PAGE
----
• Dream of Shadows

End of the Line by Chrissie Rohrman (August 2021)

“I think you missed your stop, dear.”

Several beats pass before I realize the voice is addressing me. I turn to my left and blink, startled by the presence of the elderly woman at my side. I don’t remember her sitting down. “I’m sorry?”

The woman’s hair poofs around her head like a dingy cotton ball. Her features are deeply lined, lips red and cheeks rosy in an otherwise pale face, all of it accentuated by the harsh lighting of the subway car. Something about her is familiar.

She gestures towards the front. “There’s only the end of the line left.”

“What?” I check the screen of my cell phone, appalled how much time has passed. I’m stung that Malia hasn’t sent a single text, even to say fuck you.

The subway had been mostly empty when I lugged my bags aboard, immediately faced with an obnoxious couple engaged in PDA. Seeing them entwined like that was just adding insult to a too-fresh injury, and I chose a seat as far away as possible, laying my head against the window as I replayed the evening’s events, the argument that had spiraled out of control.

A quick survey of the car shows that while it hasn’t completely emptied, the lovebirds have gone, along with the hippie chick who stunk of weed.


“Excuse me,” I mutter.

I hike the strap of my laptop bag on my shoulder and grab the handles of my duffel, pressing against the neighboring seatback to slide past the old woman.

I duck my chin, avoiding eye contact with the remaining passengers as I move to stand in front of the doors.

It’s a sign, I decide. My hand drifting to the pocket of my coat, where the necklace I never had a chance to give Malia is safely tucked away. I’ll get off at the end of the line and double back, ride the northbound train all the way to her place instead of stopping at my own apartment. I haven’t even stayed there in weeks.

I’m not ready to give her up. Nothing was said that can’t be taken back. It was a stupid fight, one borne from being cooped up inside too many days during a harsh winter. It’s not such a big deal that she forgot to go grocery shopping. Who says you can’t make a passable meal out of stale pasta, yogurt and ice?

Resolved, I squint up at the map to see just how far I’ve strayed; I’ve never ridden to the end of the line before. Instead of the familiar tangle of colored lines and marked stops, there is a single uninterrupted black line stretching across the entire display, and only one stop.

The End of the Line.

What the hell?

Outside the streaked window of the door, there is pure darkness, no expected wash of brightness from security lights mounted at regular intervals as we zip along the tunnel.

I turn back to better inspect my fellow passengers. Two boys are sitting quietly a few rows away, their faces gray and eyes sunken. At the rear of the car, a slender man lights a match and raises the dancing flame to the end of a cigarette dangling from his lips. He catches me staring and turns his head, displaying the matted, gore-streaked hair at his temple. I swallow hard as I stare at the obvious gunshot wound.

The old woman is still seated in our row. She coughs and drags a hand across her mouth, leaving a crimson smear on her chin.

I grab the pole to steady myself. I remember now why she seems so familiar. The news this morning. The picture of an elderly woman who died in a head-on collision just after dawn. She had the same poof of hair, the same rosy cheeks.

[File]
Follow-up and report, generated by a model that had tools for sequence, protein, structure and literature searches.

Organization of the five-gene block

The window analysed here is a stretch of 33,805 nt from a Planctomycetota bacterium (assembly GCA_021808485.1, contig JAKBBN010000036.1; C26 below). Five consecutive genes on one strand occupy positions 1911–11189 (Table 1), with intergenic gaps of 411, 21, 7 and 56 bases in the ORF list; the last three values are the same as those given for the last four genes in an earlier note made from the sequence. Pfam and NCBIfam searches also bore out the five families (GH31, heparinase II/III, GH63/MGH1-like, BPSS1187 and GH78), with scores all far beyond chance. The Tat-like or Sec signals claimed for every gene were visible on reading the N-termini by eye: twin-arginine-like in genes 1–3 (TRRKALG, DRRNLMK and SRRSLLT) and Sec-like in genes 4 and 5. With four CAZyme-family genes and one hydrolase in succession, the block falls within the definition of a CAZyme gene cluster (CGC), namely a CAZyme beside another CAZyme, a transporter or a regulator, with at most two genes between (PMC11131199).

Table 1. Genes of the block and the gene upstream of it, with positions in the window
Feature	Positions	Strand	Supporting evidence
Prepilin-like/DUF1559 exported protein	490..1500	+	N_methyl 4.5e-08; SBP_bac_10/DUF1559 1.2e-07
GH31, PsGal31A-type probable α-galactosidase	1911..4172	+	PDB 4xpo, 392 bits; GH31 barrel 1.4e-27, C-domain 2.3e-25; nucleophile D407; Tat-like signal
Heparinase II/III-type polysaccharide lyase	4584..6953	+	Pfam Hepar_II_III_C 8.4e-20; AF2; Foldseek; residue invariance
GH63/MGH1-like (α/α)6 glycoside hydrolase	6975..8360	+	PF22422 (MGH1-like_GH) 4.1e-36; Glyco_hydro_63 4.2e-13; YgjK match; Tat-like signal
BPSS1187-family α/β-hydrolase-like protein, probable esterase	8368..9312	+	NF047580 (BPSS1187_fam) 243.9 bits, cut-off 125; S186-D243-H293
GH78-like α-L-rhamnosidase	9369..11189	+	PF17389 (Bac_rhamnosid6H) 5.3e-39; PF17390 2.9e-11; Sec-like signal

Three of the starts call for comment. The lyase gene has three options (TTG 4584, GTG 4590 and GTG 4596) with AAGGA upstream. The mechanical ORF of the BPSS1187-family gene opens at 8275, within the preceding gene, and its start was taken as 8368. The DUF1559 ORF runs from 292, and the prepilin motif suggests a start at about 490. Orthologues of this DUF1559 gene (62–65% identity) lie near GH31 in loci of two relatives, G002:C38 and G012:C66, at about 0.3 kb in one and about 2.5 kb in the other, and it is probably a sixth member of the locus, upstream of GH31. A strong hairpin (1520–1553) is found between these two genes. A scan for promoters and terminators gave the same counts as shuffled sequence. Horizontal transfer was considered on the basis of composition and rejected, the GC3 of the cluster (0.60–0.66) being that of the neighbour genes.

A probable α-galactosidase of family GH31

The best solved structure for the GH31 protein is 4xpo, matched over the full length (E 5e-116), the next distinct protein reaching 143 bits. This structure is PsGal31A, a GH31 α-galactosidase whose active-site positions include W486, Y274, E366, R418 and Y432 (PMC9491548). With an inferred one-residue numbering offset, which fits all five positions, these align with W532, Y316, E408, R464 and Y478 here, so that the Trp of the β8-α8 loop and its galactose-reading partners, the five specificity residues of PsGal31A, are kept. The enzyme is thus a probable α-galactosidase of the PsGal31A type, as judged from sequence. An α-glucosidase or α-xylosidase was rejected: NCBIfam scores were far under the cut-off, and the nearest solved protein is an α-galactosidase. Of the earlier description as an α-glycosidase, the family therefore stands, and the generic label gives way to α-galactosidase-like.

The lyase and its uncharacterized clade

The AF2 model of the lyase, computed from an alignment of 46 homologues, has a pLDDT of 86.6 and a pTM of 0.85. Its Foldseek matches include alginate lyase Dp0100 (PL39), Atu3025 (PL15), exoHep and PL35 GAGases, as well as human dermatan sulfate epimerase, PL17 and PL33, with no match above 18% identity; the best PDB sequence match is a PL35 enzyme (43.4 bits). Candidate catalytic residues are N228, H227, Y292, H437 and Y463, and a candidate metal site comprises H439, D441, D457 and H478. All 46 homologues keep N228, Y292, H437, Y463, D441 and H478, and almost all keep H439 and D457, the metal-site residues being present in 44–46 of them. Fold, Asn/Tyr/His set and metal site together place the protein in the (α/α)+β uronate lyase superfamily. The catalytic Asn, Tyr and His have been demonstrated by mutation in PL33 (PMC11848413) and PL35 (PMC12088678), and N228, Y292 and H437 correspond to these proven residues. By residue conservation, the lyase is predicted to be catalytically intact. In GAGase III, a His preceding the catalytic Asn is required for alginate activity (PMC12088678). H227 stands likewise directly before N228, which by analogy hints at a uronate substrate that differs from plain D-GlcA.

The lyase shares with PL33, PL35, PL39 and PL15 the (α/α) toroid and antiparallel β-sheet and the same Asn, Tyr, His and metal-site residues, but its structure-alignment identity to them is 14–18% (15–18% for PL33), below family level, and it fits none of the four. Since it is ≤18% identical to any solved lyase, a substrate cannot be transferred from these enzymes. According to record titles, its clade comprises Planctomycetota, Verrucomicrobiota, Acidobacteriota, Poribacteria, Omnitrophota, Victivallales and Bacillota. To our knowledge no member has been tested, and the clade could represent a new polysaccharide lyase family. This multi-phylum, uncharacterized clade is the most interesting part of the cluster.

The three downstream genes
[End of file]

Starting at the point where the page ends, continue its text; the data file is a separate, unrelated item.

I avert my gaze, looking to the front of the car. My hitching breaths bloom in the suddenly chilly space.

Through the foggy, grimy window, a figure is positioned in front of a control board. I don’t remember ever seeing an operator on this line before and thought the system was all automated these days.

The operator is dressed oddly, in a tattered robe that was once maybe black but is now a dingy gray. With the way he’s positioned, I can’t see his face, but in his hand is a gnarled wooden staff.

The train picks up speed, the car rocking as it hurtles through the darkness.

Sweat gathers beneath my palm, and my hand slips on the pole.

I don’t know what the hell is going on, but I need to get off this subway, now.

I take a few shaky steps to the front of the car and knock against the window to get the operator’s attention. “Hey!”

The hooded figure turns, a stilted motion that turns my blood to ice.

I stumble backwards into the pole and grip it tightly, squeezing my eyes shut as the train accelerates, hoping everything will be different when I open them. Hoping that, maybe, I’m just in the middle of an incredibly vivid dream. A nightmare.

Instead, something teases my memory.

I step into the cold night and slam the door behind me, struggling with the straps of my duffel and laptop bag.

Tonight was supposed to go differently.

I fumble with my bags as I walk toward the subway. The heel of my foot slips from the curb. There is a wash of blinding light, a blaring horn.

Then darkness, sudden and final.

I open my eyes, my mouth dry and heart pounding. No.

The old woman is standing next to me. Her fingers close over mine, stronger than expected, and ice-cold.

She tilts her head sympathetically and smiles, baring bloodied teeth. “Like I said, dear. You missed your stop.”

The overhead lights flicker, then extinguish, plunging me into pitch black.




Chrissie Rohrman is a training supervisor who lives in Indianapolis, Indiana with her husband and five fur babies, including new kitten Kiki S Pickles. Her short stories have been published in various online and print magazines, and she is currently drafting the first installment of a fantasy trilogy. Follow on Twitter @ChrissieRawrman or on Facebook at Chrissie Rohrman Writes Things.

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